# Surface Tension and Factors Affecting It

## What is Surface Tension?

Surface Tension may be defined as the property of the liquid by virtue of which the free surface of the liquid at rest tends to have minimum area and as such, it behaves as if covered with a stretched membrane.

In other words it may be defined as the tensile force acting on the surface of a liquid in contact with a gas or on the surface between two immiscible liquids such that the contact surface behaves like a membrane under tension. The magnitude of this force per unit length of the free surface will have the the same value as the surface energy per unit area. It is denotd by Greek letter σ. In MKS units, it is expressed as Kgf/m while in SI units as N/m.

The phenomenon of surface tension is explained in figure. Consider three molecules A, B, C of a liquid in a mass of liquid. The molecule A is attracted in all directions equally by the surrounding molecules of the liquid. Thus the resultant force acting on the molecule A is zero. But the molecule B, which is situated near the free surface, is acted upon by upward and downward forces which are unbalanced. Thus a net resultant force on molecule B is acting in the downward direction. The molecule C situated on the free surface of liquid, does experience a resultant downward force. All the molecules on the free surface experience a downward force. Thus the free surface of the liquid acts like a very thin film under tension of the surface of the liquid act as though it is an elastic membrane under tension.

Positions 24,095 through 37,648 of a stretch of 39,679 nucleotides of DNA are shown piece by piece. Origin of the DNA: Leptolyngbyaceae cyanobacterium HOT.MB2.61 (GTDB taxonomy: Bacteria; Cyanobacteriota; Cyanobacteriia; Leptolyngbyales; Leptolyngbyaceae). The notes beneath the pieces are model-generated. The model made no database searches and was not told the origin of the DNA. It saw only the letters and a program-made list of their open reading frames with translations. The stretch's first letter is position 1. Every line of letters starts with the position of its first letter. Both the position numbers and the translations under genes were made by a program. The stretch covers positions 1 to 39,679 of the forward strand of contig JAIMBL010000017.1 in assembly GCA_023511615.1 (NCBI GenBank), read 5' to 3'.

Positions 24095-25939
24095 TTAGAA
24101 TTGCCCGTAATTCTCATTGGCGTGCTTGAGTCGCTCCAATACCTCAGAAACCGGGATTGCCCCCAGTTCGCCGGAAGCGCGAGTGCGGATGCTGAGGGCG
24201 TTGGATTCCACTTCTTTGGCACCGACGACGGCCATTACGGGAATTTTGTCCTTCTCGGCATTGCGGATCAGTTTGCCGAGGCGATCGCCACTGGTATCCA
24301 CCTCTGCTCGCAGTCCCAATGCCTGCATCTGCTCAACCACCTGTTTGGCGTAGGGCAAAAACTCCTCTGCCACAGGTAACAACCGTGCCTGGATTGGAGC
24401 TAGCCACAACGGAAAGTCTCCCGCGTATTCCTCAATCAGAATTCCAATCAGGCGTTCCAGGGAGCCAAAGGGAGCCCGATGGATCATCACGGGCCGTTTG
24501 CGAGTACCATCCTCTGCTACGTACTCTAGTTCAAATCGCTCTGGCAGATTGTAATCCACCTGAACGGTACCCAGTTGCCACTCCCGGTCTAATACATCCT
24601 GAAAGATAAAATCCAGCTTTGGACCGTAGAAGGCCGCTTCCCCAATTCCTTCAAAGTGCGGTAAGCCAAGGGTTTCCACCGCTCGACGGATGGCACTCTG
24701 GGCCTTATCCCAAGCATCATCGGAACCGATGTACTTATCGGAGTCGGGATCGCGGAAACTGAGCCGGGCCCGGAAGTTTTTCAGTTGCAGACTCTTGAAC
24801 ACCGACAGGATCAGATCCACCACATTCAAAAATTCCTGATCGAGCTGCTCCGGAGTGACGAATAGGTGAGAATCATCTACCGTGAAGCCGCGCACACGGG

## Factors Affecting Surface Tension:

(1) Temperature- Surface tension decreases with the rise in temperature and vanishes at the critical temperature for some liquids. Many formulae have been proposed to give variation of surface tension with temperature but none has been found completely satisfactory. The decrease in surface tension with temperature is due to increase in the average separation between the molecules.

(2) Contamination- Contamination due to oil, grease, dust etc., reduces the surface tension of water considerably.

(3) Concentration- In case of solutions, the surface tension depends on the degree of concentration of the solution. Whether the surface tension will increase or decrease depends on the nature of the solute. If the solute is very soluble, then the surface tension increases, as for example dissolving salt in water. If the solute is less soluble, then the surface tension decreases, for example the addition of soap or phenol decreases surface tension of water.

(4) Electrification- When a liquid is electrified, the effect is as if its surface tension has decreased. This is so because due to electrification the liquid surface experiences an outward normal pressure tending to increase the surface area. It is on account of this that a soap bubble tends to expand on electrification.

(5) Surroundings- The surface tension of a liquid depends on the nature of the media in contact with its surface.